A Southern New Year"s Tradition

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Every New Years' Eve, many people from the south carry on a particular tradition.
They cook up a traditional dish that is meant to be eaten at the beginning of each new year.
What is it, you ask? Hoppin' John is the name of this dish, and it's meant to bring those who eat it wealth and good luck in the year to come.
The greens (you can use collard greens, mustard greens, kale, chard, etc.
) represent wealth, and the peas symbolize peace.
Some people place pennies or other pieces of change under the serving bowls.
Others stir a dime in the pot and the person who finds it in their serving gets an extra helping of good luck during the next year.
Before digging in, it's customary to say, "Eat poor this day, eat rich the rest of the year.
Rice for riches and peas for peace.
" (The main ingredient is black-eyed peas, so if you're not a fan of these ugly little beans, you might not want to try this particular recipe.
Also, please make sure to soak the dried beans the night before and sort through them to eliminate any debris or tiny pebbles that may have ended up in the bag.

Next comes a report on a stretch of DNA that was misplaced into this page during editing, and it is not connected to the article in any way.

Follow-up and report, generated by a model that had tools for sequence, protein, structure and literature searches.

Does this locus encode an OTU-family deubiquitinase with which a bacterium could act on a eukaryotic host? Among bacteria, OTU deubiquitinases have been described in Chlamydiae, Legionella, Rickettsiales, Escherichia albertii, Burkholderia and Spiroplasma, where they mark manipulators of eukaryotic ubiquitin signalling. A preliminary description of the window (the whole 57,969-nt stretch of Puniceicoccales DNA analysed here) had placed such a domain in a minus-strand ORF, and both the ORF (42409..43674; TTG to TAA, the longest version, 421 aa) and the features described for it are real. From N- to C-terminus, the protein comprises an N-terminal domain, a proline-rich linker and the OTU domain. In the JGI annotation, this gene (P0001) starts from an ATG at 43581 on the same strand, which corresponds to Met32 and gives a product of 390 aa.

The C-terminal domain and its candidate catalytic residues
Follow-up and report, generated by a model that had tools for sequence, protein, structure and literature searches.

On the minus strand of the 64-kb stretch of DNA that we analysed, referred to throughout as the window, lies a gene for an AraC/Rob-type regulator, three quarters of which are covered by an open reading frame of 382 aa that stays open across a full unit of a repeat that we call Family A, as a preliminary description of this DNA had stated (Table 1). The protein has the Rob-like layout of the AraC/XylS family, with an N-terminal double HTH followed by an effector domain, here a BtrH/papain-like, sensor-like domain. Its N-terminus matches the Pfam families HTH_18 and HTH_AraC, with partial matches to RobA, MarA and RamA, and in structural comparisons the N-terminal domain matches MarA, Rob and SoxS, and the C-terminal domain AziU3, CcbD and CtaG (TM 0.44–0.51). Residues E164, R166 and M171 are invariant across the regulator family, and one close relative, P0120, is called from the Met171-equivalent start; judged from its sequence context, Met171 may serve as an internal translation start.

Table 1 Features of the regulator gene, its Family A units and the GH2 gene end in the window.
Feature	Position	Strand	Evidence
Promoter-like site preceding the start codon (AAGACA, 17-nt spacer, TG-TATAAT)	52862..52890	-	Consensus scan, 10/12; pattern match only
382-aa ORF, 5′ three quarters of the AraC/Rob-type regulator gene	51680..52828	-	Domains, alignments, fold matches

) Hoppin' John • 1 large ham hock • 1 tbsp oil • 1 lb black eyed peas, soaked overnight, drained • 1 c chopped onion • 1 bunch chopped collard greens • 3/4 c chopped celery • 1/2 c chopped green pepper • 1 qt chicken stock • 3 c steamed white rice • Salt, pepper and cayenne to taste In a large soup pot, heat oil and fry ham hock for a few minutes.
Make sure to cook on all sides.
Add green pepper, celery and onion; cook for 4 minutes.
Add chicken stock, greens and peas, bring to a gentle boil.
Reduce heat and simmer for about 35-40 minutes, stirring occasionally.
Add water if needed.
Season with salt, pepper and cayenne to your liking and serve over steamed rice.
Serve and Enjoy!
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